Learn and Utilize Terrain Features
When you go road-trip hunting and find land to hunt, the first priority is to learn the terrain features. Topographic maps paint the picture of terrain features without the need to walk the entire property. Once you locate terrain features that are likely to facilitate deer traffic, also study aerial photography in order to see what kind of bedding and feeding areas lie in the surrounding areas.
Gary learned this property very well in order to take the bites of success that he has always had an appetite for. â€œThe ravines that I place my trail cameras in also serve as good stand spots,â€ said Hintz. â€œI have many stands placed in these ravines for different wind directions, since there are north and south running ravines and east and west ravines,â€ he said. This affords Gary a place to sit regardless of the wind direction.
The spot where Gary took the â€œhole in the horn buckâ€ was in a little patch of timber that is only 80 yards wide, with CRP surrounding the timber. With his stand placed smack dab in the middle of the timber lot, he can shoot to each edge. It is a perfectly concealed funnel area that routinely brings monster bucks on a suicide squeeze toward Garyâ€™s stand as they tend does or check scrapes.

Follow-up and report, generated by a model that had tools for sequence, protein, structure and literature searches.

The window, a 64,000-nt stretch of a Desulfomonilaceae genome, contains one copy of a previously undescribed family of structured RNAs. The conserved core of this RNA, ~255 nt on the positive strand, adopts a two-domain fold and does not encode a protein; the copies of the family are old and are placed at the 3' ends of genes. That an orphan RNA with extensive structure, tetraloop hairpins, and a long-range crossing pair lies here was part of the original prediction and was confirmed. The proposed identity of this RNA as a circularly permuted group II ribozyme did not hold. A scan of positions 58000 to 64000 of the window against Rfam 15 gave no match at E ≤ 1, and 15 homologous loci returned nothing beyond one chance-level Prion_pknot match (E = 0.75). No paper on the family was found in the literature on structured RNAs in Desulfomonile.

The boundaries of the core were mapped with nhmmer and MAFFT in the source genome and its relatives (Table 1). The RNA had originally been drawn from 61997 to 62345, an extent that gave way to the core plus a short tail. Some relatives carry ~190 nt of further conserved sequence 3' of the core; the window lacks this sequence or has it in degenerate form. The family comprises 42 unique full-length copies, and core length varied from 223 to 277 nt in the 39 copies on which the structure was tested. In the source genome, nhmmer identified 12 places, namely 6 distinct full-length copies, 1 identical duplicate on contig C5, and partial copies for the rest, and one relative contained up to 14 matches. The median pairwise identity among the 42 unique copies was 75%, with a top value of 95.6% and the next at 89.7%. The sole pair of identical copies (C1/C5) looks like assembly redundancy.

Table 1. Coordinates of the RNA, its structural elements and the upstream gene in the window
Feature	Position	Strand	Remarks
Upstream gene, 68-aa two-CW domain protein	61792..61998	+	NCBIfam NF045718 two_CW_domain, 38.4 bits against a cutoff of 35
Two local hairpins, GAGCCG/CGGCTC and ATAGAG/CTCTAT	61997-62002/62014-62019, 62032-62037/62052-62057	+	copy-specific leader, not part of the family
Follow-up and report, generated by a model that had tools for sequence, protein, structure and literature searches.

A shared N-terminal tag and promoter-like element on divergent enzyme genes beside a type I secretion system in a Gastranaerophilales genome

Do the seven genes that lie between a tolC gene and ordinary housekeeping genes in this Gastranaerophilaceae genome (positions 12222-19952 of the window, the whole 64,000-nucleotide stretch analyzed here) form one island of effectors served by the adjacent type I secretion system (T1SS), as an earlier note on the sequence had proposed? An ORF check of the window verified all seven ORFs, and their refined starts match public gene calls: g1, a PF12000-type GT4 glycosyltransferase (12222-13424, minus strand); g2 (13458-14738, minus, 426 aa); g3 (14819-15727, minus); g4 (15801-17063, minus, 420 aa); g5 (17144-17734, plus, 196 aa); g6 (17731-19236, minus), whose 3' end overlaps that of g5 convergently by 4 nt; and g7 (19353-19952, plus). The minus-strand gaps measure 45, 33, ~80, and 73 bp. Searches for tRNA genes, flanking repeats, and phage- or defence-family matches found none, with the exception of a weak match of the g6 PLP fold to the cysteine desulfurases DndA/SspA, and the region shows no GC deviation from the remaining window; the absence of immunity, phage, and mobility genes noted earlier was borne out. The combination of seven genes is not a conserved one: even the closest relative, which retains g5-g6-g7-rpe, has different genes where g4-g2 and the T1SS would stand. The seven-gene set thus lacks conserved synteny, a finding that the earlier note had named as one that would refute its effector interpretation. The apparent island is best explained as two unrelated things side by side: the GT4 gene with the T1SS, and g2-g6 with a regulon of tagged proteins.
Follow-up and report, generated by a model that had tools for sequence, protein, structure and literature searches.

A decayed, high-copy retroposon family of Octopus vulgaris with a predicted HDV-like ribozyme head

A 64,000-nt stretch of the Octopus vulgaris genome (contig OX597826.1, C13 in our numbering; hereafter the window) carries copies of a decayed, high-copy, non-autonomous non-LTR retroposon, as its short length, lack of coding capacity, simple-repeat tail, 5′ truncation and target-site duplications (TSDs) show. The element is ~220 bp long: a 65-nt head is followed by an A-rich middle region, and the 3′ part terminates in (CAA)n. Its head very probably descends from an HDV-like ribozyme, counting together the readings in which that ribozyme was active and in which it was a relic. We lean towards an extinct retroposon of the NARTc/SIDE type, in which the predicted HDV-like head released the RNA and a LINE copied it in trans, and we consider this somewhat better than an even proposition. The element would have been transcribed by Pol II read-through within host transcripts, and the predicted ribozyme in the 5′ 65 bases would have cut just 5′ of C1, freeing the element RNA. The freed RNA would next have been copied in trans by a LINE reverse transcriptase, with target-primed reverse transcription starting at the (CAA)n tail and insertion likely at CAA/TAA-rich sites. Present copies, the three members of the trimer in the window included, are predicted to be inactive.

Learning terrain features on your chosen hunting ground and knowing which areas bucks prefer will level the playing field. With terrain features, you can typically set your stand in such a way that will enable you a chip shot when a big boy comes through. Bottlenecks and other terrain features that pinch deer in tight make bowhunting shots closer and easier to make in most cases.
When hunting these natural funnels, Gary favors trees with lots of cover so that he can sit 12- to 15-feet high. â€œBowhunting shots should be close,â€ said Gary. â€œHunting from lower stands also gives you better shot angles in most cases.â€ Like Gary, I prefer those close-range, high percentage shots as well.
Early, Rut, or Late?